Crapo predicted an independent prosecutor also will be engaged to determine the truth of what happened Sept. 11, 2012, when an American ambassador and three other Americans were murdered at the American embassy in Benghazi, Libya. He accused the Obama administration of conducting a “complete disinformation campaign” to deny it was an act of terror.
“The House of Representatives will not let this slide and will investigate to the fullest extent,” he said.
When a man from Spirit Lake said he is worried about the IRS enforcing the Patient Protection and Affordable Care Act, better known as “Obamacare,” after the IRS was shown to target conservatives on an enemies list. “This is like a death sentence,” he said, wondering if the IRS will determine who gets life-saving medical treatment.
“You raise a very serious concern,” Crapo said, explaining although the legislation does not give the IRS the ability to control doctors, it does put the federal agency in charge of enforcing compliance and creates an entirely new division, requiring the hiring of “thousands and thousands of new IRS agents.”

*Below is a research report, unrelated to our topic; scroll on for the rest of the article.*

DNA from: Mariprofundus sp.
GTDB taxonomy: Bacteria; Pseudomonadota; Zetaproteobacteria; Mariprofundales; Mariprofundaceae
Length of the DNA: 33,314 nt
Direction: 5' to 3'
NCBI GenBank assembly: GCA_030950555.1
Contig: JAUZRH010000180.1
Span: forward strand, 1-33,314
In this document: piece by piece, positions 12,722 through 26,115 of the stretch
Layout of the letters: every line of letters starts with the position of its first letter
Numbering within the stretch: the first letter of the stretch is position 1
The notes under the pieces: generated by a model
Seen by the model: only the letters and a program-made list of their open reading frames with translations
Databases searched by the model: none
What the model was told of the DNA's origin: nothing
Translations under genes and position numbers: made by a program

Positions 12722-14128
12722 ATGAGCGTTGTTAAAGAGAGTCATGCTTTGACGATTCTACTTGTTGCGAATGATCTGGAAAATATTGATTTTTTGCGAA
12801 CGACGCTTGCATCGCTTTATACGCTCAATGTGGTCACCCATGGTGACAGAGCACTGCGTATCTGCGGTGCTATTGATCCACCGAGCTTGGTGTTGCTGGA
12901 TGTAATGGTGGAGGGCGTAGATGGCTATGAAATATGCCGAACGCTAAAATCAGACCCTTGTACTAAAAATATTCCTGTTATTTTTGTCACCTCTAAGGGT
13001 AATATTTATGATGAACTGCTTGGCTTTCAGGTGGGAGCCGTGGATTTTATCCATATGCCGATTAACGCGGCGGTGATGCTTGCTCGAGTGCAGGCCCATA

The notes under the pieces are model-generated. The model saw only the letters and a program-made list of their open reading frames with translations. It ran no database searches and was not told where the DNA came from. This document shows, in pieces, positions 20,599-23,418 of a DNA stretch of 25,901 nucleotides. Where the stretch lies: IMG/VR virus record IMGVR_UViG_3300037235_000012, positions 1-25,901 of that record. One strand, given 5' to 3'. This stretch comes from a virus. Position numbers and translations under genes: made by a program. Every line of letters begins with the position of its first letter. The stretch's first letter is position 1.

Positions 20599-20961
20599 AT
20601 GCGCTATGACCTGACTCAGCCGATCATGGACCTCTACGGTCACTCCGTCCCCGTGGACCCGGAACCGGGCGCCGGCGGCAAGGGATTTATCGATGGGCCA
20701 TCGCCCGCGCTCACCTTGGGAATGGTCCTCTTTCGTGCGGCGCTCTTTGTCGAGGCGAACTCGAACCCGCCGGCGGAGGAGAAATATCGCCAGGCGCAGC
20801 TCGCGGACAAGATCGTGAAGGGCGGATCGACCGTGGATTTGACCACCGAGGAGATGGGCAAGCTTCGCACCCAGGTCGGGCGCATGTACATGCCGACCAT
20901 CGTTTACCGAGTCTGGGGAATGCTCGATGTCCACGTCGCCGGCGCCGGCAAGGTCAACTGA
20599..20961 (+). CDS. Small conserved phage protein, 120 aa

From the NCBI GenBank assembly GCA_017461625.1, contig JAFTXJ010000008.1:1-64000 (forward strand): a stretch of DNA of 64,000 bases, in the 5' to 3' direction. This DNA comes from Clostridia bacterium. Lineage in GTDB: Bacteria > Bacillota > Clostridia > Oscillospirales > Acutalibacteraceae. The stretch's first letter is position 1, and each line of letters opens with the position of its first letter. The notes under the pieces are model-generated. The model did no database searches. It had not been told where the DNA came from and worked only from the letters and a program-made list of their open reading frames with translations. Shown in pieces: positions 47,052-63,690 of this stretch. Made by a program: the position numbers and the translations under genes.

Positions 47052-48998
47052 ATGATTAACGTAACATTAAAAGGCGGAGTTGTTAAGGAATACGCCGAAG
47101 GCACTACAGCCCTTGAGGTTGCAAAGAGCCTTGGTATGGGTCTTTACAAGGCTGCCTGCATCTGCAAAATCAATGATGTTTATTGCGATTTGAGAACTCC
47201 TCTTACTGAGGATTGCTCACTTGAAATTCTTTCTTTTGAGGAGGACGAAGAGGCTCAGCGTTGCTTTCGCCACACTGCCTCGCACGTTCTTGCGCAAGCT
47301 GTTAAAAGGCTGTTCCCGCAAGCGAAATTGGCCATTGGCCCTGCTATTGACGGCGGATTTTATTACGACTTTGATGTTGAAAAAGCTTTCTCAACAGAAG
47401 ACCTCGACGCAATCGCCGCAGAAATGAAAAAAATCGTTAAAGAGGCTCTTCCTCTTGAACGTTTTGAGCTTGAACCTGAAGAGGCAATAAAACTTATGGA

The IRS will collect, maintain and monitor information on all Americans to make sure they obtain appropriate health care insurance. “I personally believe this is another huge intrusion by the federal government. It adds insult to injury.”
The senator reassured one senior Pocatello citizen that people who turn 70 will not lose their medical care or be refused treatment under Obamacare.
In response to a question posed by a Boisean, Crapo said “another huge overreach occurring at the federal government level” is the Consumer Financial Protection Bureau created by the Dodd-Frank Wall Street Reform and Consumer Protection Act, which was “passed by the president and his allies to establish an entire new regulatory regime.”
The bureau’s jurisdiction includes banks, credit unions, insurance companies, securities firms, pay day lenders, mortgage-servicing operations, foreclosure relief services and other financial companies. Obama’s controversial appointment during last January’s congressional recess of Richard Cordray to direct the CFPB has drawn fire from Republicans, who challenge its constitutionality.